The inhibitory potency of GBR 12783 on the specific uptake of [3H]DA was increased significantly when a 5-min preincubation of the synaptosomal fraction was performed in the presence of the uptake blocker. Thus, its IC50 value decreased from 25 ± 3.5 nM (nH = 0.87 ± 0.15) when the inhibitor was omitted from the preincubation medium to 1.85 ± 0.1 nM (nH = 0.88 ± 0.4) when it was present (means ± SEM from four experiments performed in duplicate ; p < 0.001).
Saturation experiments carried out in the presence of 30-500 nM [3H]DA showed that the presence of 2.5 nM GBR 12783 during preincubation and incubation periods (5 + 1 min) resulted in an increase in the KM and a slight but significant decrease in the Vmax for the specific uptake (Table 2). Thus, the KM value in controls (224 nM) significantly increased to 355 nM in the presence of 2.5 nM GBR 12783, whereas Vmax decreased from 505 in controls to 478 pmol/mg of protein/min in the presence of GBR 12783 (Table 2). The addition of 2.5 nM GBR 12783 during only the incubation period still significantly increased the KM value. GBR 12783 at 10 nM provoked marked modification of saturation constants of the [3H]DA uptake, whether the inhibitor was present or not during the preincubation period (Fig. 2). Similar results were obtained in the presence of 5 nM GBR 12783 at 20°C (Table 2).
Table 2. Effect of GBR 12783 on saturation constants for the specific uptake of [3H]DAAliquots of a crude synaptosomal fraction were preincubated for 5 min or 15 min at 37 and 20°C, respectively. Incubation was started by the addition of [3H]DA (30-500 nM final concentrations ; 2 ml final volume for set 1 and 4 ml for set 2). GBR 12783 at final concentrations of 2.5, 5, or 10 nM was present when necessary during the preincubation and the incubation periods (I + PI) or during incubation alone (I). One-minute incubation assays were stopped by centrifugation. The specific uptake was defined as the difference between the total uptake at 37 or 20°C and the nonspecific accumulation at 0°C in the presence of 10-4M cocaine. Geometric means and 95% confidence limits of four to eight experiments (n) carried out in duplicate are shown. Values were compared with those obtained in the respective controls, using a Dunnett's t test.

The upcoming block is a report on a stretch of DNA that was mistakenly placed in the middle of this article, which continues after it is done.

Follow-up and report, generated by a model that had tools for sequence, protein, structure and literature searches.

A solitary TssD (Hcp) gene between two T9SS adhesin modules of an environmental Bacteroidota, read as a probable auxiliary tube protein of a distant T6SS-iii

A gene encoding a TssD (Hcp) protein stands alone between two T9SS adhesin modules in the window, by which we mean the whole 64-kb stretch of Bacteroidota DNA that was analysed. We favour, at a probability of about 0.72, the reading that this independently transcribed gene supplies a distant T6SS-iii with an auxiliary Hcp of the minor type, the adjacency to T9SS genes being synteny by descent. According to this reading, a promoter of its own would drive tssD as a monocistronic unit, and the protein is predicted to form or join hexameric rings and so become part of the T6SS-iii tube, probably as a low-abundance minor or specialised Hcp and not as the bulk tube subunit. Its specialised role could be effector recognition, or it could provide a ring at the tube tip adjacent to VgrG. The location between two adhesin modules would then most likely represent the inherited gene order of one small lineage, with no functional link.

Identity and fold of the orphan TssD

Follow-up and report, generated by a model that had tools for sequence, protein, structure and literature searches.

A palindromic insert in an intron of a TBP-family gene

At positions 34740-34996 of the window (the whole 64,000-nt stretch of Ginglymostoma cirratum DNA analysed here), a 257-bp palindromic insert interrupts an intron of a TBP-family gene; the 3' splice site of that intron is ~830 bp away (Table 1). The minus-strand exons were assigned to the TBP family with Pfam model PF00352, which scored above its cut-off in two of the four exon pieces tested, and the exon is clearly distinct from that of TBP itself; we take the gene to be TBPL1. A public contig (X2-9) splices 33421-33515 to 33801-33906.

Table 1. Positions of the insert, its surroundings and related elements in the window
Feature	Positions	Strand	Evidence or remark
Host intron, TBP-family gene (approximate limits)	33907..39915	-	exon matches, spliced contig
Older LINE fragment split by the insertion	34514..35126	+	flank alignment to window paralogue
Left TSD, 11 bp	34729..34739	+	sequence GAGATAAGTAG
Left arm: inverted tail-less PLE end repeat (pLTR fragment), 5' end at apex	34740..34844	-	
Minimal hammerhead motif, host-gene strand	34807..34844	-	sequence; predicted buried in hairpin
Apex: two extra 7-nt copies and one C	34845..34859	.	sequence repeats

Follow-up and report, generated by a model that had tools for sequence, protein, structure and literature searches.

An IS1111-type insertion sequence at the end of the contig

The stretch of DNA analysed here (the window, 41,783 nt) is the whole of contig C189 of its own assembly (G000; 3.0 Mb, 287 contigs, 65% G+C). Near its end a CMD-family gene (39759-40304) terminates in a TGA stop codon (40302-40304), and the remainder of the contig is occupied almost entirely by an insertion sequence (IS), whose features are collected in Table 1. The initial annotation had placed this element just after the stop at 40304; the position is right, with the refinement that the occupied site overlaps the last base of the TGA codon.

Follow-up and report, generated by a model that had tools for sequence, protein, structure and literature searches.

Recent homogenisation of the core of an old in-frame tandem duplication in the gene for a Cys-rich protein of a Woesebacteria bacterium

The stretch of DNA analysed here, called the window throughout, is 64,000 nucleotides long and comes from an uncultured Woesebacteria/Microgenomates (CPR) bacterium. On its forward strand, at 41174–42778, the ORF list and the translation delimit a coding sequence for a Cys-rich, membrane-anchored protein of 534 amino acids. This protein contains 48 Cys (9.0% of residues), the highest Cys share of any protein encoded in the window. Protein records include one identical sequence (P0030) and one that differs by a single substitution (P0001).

Vmax (pmol/mg of protein/min)
ap < 0.05
bp < 0.01, significantly different from the respective controls.
Time course of GBR 12783-induced uptake inhibitions
Specific uptake values obtained in control experiments fitted well with a linear relationship between uptake and time (Fig. 3 and Table 3). Incubation of synaptosomal fractions for 10-210 s with increasing concentrations of GBR 12783 (2.5-160 nM) generated a family of curves depicting uptake inhibitions (Fig. 3) that are characteristic of plots expected when the reaction is started by the simultaneous addition of the substrate and a slow binding inhibitor (Morrison and Walsh, 1988).
Table 3. Parameters of the fits of the progress curves of inhibition of the specific uptake of [3H]DA by GBR 12783Means of specific uptake values obtained in the presence of GBR 12783 and reported on Fig. 3 were fitted (Sigma Plot program) to Eq. 1 (model 1) and to Eq. 2 corresponding to the same mechanism in which the formation of TI* tends to irreversibility (model 2), giving estimates (and standard deviation) of uptake inhibition parameters. Estimate of uptake at the origin (O) is expressed as fmol/mg of protein. Velocity of uptake is expressed as fmol/mg of protein/s. The apparent first-order rate constant for the establishment of equilibrium between TI and TI* (k) is expressed as 10-3/s.A better fit of data was obtained withas indicated by the Schwarz's criterium (SC). All correlation coefficients were ≥0.996 for Eq. 1 and ≥0.998 for Eq. 2.